Okay, guess this list is taking a turn toward nonfiction. Here’s a poetry collection from the incredible Neil Hilborn. You may know him as the writer/performer of the poem “OCD,” which went viral and is now the most-watched poem on the entire internet. In addition to OCD, Neil has struggled with bipolar disorder, depression, and anxiety. I’ve actually met this guy–the spoken word poetry group I was in in college got him to come and perform at an event–and he is great. Super genuine person, very funny, and very kind and understanding.

Six of Crows by Leigh Bardugo

Yep, a YA fantasy that ALSO includes mental illness. While I won’t say who, there are major characters in this book with PTSD, a learning disability, and implied ADHD. Seriously, if you haven’t read this one yet, just do it. There is so much to love.

Family Don’t End With Blood, edited by Lynn Zubernis

This one is for all you Supernatural fans (incidentally, I can’t believe the final season starts tonight!). In this collection, the cast, crew, and fans of the show talk about the ways that Supernatural has changed their lives. Among other things, the contributors write about the show and the fandom helping them with social anxiety and addiction. The most significant one, though, is from Jared Padalecki (Sam Winchester) about his personal struggles with depression, including the time he had a breakdown while filming back in one of the early seasons of the show. In the past several years, Jared has started running the Always Keep Fighting campaign, selling shirts and other apparel to raise money for various mental health charities. (I own an embarrassingly large number of them, but I regret nothing.) Talk about using fame as a platform to do good!

The Bell Jar by Sylvia Plath

Let’s wrap this list up with a classic about a young woman sinking deep into the depths of depression and her battle to recover. While Sylvia Plath’s life was cut tragically short by suicide, her work remains as a painful testament to the realities of just how much mental illness can tear apart your life and your very sense of self.

Bonus: Sounds Fake, But Okay (podcast)

This isn’t a book, but it is a stellar podcast where an aro-ace girl and her straight roommate talk about everything to do with love, relationships, sexuality, and pretty much anything else they don’t understand. Both hosts discuss their personal histories of mental illness in multiple episodes, mostly focusing on anxiety and depression. Plus, I’m a sucker for all ace representation, which has nothing to do with mental illness but is a topic I feel strongly about. You can listen on Spotify, Soundcloud, and most podcast apps, or check out their website here.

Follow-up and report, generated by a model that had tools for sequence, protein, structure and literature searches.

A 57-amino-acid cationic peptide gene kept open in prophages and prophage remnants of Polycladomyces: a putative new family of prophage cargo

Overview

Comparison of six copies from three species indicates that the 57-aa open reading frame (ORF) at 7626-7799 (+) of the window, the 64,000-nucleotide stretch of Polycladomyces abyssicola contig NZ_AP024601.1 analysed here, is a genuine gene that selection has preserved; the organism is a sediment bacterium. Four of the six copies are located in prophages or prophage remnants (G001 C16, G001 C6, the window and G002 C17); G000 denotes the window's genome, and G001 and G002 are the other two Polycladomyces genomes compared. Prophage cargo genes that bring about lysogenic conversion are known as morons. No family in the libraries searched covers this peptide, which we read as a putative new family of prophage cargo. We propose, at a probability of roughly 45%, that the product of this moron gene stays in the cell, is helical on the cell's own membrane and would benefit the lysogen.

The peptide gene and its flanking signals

That’s all for now, folks. What are your favorite mental health-related books? Read any of these? Let me know. And remember to take care of yourselves πŸ’œ

Much love,

Kathryn (“K-Specks”)

8 thoughts on “World Mental Health Day – 8 Books Depicting Mental Illness

  1. Shyla Fairfax-Owen October 10, 2019 / 2:01 pm

    Thank you for this post! So useful. I recommend Fangirl. Bipolar disorder, social anxiety and learning disabilities, all responsibly featured.

    Liked by 1 person

    • Kathryn Speckels October 10, 2019 / 2:04 pm

      Oh, didn’t even think of this one when I made the list! I read it earlier this year and enjoyed it a lot, especially the bipolar and learning disability rep, because they are so rarely featured.

      Like

  2. dinipandareads October 10, 2019 / 11:07 pm

    I’ve been wanting to read Furiously Happy for a long time but I can never find it! Also, I remember the first time I watched OCD and omg, I started crying haha so powerful but I think I also loved the audience’s reactions to the end of his poem because it was like OH MAN, THAT’S REAL πŸ˜‚ I have a feeling I’m now going to watch/listen to this poem all day πŸ˜…I really love this post! Thanks for sharing these recs, Kathryn πŸ™‚

    Liked by 1 person

    • Kathryn Speckels October 13, 2019 / 6:50 pm

      Of course! Neil actually has two books of poetry. The Future is his newest one, but his older one is called Our Numbered Days and is also excellent. Would definitely recommend both of them; he is such a compelling writer and performer (and I don’t blame you for wanting to watch it over and over!)

      Like